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Wabi-Sabi Gallery

Page history last edited by L. Davin Underwood 10 years, 9 months ago

 

     Wabi -Sabi is a Japanese artistic aesthetic, however it has very little to do with art, and is more of an anti-aesthetic.Things we traditionally think of as being aesthetically pleasing are well defined, and

often essentially perfected images or ideas. Things consisting of a sense of completeness, wholeness, and organization. Wabi-Sabi requires none of these things. Things that are considered Wabi-Sabi

are often rough, decayed, and broken down by time and use. Wabi-Sabi is often described as the beauty of imperfection or incompleteness, however it may be more appropriate to consider it as the

beauty of nature, or perhaps natural effects.  However an aged and chipped glass is not explicitly Wab-Sabi. Because it is an aesthetic, an objects ability to be Wabi-Sabi lies in the eyes of the viewer. It is

not an inherent trait of the object itself, nor Is it limited to objects; any observation can be Wabi-Sabi, It must simply leave you with the sense that nature has been at work on whatever you're looking at.


 

 

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      It really is more of the feeling you get from what you are looking at. If it "feels" Wabi-Sabi, then it is, and because of this self-defining relationship between observer and observed, it is somewhat difficult to explain in simple terms. It becomes a "you'll know it when you see it" description. One thing is certain though, the aesthetic does still exist. It may be difficult to find or recognize in the fast paced tech-enslaved world of today, but it is still out there waiting for some lucky soul to stop and enjoy the beautiful bliss of the earth reclaiming mans innovations, and like most things Japanese, it does still live on in manga form.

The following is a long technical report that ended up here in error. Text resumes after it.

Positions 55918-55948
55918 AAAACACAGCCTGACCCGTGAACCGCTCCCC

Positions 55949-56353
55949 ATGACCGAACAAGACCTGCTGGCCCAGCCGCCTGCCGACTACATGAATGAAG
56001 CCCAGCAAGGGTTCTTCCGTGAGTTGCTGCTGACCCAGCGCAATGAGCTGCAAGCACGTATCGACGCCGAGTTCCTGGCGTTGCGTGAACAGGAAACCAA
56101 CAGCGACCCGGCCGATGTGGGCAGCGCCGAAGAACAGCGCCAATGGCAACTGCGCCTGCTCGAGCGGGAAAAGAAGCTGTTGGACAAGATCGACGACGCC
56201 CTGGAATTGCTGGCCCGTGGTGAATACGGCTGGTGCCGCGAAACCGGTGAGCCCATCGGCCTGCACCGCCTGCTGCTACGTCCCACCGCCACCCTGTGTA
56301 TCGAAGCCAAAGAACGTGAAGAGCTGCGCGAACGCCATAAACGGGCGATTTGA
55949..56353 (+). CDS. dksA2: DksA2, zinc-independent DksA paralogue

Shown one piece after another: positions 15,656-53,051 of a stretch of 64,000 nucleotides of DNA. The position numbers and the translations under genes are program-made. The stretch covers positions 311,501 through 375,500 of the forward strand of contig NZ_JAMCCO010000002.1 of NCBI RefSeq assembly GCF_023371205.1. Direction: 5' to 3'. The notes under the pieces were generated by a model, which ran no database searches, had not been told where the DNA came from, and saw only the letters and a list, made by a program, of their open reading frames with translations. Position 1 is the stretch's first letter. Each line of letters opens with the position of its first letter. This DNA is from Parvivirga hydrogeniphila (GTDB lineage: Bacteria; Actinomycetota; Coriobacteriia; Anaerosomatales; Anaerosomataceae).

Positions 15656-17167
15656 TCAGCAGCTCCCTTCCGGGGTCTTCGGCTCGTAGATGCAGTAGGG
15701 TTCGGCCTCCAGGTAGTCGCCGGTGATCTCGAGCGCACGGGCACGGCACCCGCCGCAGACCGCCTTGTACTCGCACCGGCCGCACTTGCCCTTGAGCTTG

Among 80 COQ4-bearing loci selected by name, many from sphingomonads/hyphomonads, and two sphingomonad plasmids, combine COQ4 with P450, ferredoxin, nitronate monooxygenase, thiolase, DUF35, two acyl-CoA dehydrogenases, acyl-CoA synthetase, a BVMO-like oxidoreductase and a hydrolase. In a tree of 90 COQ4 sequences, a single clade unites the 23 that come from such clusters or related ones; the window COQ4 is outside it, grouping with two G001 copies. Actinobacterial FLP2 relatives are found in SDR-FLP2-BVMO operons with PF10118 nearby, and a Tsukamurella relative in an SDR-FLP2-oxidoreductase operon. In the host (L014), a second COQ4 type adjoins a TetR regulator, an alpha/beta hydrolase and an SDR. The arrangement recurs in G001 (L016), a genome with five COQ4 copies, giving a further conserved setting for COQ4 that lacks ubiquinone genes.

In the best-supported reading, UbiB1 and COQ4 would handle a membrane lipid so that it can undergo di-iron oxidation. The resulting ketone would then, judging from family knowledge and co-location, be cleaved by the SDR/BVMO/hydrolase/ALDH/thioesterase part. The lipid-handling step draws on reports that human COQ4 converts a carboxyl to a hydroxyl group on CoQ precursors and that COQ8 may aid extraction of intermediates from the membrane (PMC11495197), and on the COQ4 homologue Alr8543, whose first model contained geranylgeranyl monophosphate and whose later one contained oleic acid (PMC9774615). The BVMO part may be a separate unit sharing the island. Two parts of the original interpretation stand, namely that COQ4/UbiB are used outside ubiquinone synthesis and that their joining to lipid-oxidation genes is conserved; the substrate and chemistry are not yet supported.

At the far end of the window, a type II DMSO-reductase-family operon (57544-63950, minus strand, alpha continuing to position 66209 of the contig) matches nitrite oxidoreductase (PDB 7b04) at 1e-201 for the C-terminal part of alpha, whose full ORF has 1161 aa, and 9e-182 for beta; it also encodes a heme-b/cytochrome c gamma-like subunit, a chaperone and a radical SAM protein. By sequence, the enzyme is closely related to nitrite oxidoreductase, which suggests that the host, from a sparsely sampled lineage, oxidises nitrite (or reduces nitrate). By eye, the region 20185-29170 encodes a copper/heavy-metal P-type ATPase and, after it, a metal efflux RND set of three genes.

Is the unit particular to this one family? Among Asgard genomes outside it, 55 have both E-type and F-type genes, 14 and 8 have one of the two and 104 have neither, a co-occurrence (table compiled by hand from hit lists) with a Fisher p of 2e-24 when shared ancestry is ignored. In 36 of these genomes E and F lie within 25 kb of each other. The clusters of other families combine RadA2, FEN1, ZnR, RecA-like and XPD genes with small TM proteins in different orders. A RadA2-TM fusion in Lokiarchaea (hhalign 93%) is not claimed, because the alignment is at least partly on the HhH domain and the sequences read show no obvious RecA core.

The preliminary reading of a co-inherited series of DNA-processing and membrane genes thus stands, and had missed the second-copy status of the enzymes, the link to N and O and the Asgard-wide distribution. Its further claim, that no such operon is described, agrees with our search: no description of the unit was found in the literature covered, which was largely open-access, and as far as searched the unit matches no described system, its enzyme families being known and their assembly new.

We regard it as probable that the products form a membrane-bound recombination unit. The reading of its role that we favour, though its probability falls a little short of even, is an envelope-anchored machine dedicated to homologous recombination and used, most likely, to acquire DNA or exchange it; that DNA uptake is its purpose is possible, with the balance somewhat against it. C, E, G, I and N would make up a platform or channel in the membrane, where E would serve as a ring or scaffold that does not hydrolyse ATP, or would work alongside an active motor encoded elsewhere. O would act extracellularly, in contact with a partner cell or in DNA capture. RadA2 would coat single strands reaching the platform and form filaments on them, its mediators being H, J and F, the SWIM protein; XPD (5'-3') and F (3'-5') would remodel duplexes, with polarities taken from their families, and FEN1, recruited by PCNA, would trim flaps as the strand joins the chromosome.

Many manga will feature multiple full frames of otherwise inconsequential nature. An image of a vine crawling up a cracked wall in an ally, or weathered roofs on rural houses. Even things like cobwebs, flowers, and butterflies will appear frequently with no real relation to the story. They are placed to provide the reader with a feeling rather than a story element. While the feeling they express seems typically to be one of calm, Wabi-Sabi imagery can also be woven into the story in such a way as to distress the reader by providing an obviously false sense of security before or after a pivotal point in the story or current events of a story since many manga run for decades and undergo countless character overhauls. Wabi-Sabi appears in many other art forms as well, though it is most prevalent in photography, it can also be found in anime, film, paintings, and even music.

 

 

 

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Sources:

http://abstractminimalism.blogspot.com

http://architek10.blogspot.com

http://www.artfulhome.com

http://www.artofyourlife.com

http://www.byronjorjorian.com

http://blog.virginiamountaincabins.net

http://www.bssf.org

http://www.calligraffia.blogspot.com

http://www.ecosalon.com

http://www.mangareader.net

http://www.poetichome.com

http://www.simplelivingnow.com

http://www.sowabisabi.com

http://www.unfetteredphotos.com

http://www.vajradarshini.com

http://www.paperkimono.com

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